Physical Chemistry and Electrochemistry
LADDS (Light Activated Drug Delivery Systems)
In the project LADDS, chemical components - gold nanoparticles or Indocyanine Green, ICG - activated with light are studied as a means to deliver drugs in a controlled manner. Components are embedded in liposomes which also contain the drug. When the system is illuminated, components absorb light and warm up, making the liposome wall more fluid and releasing the drug. The target tissue is retina in the posterior part of an eye which is very difficult to treat with drugs. Current therapy means injections to the vitreous humor which requires clinical conditions and an eye specialist.
The surface of a liposome can be decorated with peptides which target the liposome to a desired tissue or a site of therapy. Work is done in collaboration with the Centre of Drug Research at University of Helsinki. Researcher of the project in Aalto is MSc Lauri Viitala.
Redox Flow Battery, RFB
The problem of wind and solar energy production is that it is intermittent, not always meeting the need of electric power. Therefore, storing renewable energy to level consumption peaks and lows becomes very important. Large amounts of electric energy are mainly stored in pumped hydropower. From electrochemical methods a flow battery is practically the only one which is easily scalable to the MWh range. The principle of operation of a redox flow battery is presented in Figure 2, also showing the electrode reactions of the all-copper RFB. The capacity of a RFB can in principle be increased without limits by increasing the volume of the electrolyte tanks.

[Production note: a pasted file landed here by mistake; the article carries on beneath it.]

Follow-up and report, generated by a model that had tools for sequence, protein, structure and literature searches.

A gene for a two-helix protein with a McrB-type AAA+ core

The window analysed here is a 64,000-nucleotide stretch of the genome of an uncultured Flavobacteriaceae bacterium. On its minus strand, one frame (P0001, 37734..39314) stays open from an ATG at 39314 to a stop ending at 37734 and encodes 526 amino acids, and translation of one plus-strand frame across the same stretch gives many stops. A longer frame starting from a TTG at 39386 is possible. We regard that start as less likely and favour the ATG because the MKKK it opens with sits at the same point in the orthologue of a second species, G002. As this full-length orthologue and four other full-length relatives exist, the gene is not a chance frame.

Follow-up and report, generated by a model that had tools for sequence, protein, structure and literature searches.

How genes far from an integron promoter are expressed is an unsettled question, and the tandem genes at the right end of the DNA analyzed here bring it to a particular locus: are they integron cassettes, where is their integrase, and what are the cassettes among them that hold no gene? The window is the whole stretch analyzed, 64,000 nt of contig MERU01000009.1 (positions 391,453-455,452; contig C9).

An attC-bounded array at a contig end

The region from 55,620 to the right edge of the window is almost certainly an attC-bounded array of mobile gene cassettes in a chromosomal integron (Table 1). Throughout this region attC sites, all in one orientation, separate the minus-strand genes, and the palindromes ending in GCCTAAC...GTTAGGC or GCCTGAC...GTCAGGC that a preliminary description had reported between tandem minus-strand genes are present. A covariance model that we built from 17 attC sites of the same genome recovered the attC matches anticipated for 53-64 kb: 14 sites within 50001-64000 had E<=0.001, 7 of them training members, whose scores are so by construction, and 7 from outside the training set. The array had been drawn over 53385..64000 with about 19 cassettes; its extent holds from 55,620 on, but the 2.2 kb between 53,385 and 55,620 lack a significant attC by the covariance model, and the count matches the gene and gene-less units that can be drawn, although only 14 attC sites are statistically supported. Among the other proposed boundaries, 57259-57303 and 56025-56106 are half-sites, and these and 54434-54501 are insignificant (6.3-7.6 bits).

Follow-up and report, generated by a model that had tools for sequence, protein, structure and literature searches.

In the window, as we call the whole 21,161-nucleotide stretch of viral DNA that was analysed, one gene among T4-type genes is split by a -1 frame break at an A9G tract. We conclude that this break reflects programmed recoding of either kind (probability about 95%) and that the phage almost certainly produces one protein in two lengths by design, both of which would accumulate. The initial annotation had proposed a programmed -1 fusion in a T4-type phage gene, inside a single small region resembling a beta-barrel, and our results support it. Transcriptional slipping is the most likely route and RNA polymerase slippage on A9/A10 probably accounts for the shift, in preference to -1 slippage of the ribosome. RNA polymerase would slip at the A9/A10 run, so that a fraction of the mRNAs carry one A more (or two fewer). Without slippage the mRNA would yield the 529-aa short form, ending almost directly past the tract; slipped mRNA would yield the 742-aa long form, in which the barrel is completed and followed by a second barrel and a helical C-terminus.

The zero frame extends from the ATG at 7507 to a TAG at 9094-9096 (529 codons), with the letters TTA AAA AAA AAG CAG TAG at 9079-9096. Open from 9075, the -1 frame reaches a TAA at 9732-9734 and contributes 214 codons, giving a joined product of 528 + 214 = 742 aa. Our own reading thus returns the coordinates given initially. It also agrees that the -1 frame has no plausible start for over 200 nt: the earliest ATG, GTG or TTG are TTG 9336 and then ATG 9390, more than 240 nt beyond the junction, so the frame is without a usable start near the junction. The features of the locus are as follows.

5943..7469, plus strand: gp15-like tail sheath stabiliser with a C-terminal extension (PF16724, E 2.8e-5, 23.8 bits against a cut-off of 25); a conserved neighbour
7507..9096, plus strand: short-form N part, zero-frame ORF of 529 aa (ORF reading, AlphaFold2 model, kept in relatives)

The vanadium RFB is already commercialized but the limited availability of vanadium prevents its use on the global scale. Hence, the focus of our research is to develop a RFB that is based on copper electrochemistry. The study has been funded by TEKES. Project leader is Pertti Kauranen.
Soft thermoelectrical materials (Heat Harvest)
In this project, our interest relies on non-isothermal processes, in which small temperature differences can be converted into electric current (Seebeck effect), or inversely, a small electric current can be used to adjust temperature (Peltier effect). Conventional thermoelectric materials are semiconductors where electrons (and holes) are carrying the electric current. These materials tend to perform better at high temperatures. We are investigating a new paradigm of soft thermoelectric materials where ions are current carriers and which can be run close to room temperature.
The project researcher is MSc Miikka Jokinen (below); the project is part of the project HeatHarvest coordinated by prof. Maarit Karppinen.
Electrochemistry at the liquid-liquid interface
During the past 30 years, we have studied the electrochemistry of liquid-liquid interfaces, which is quite an original area of research in the field of electrochemistry. Now the research is focused to the metal extraction boosted with Galvani potential difference across the interface.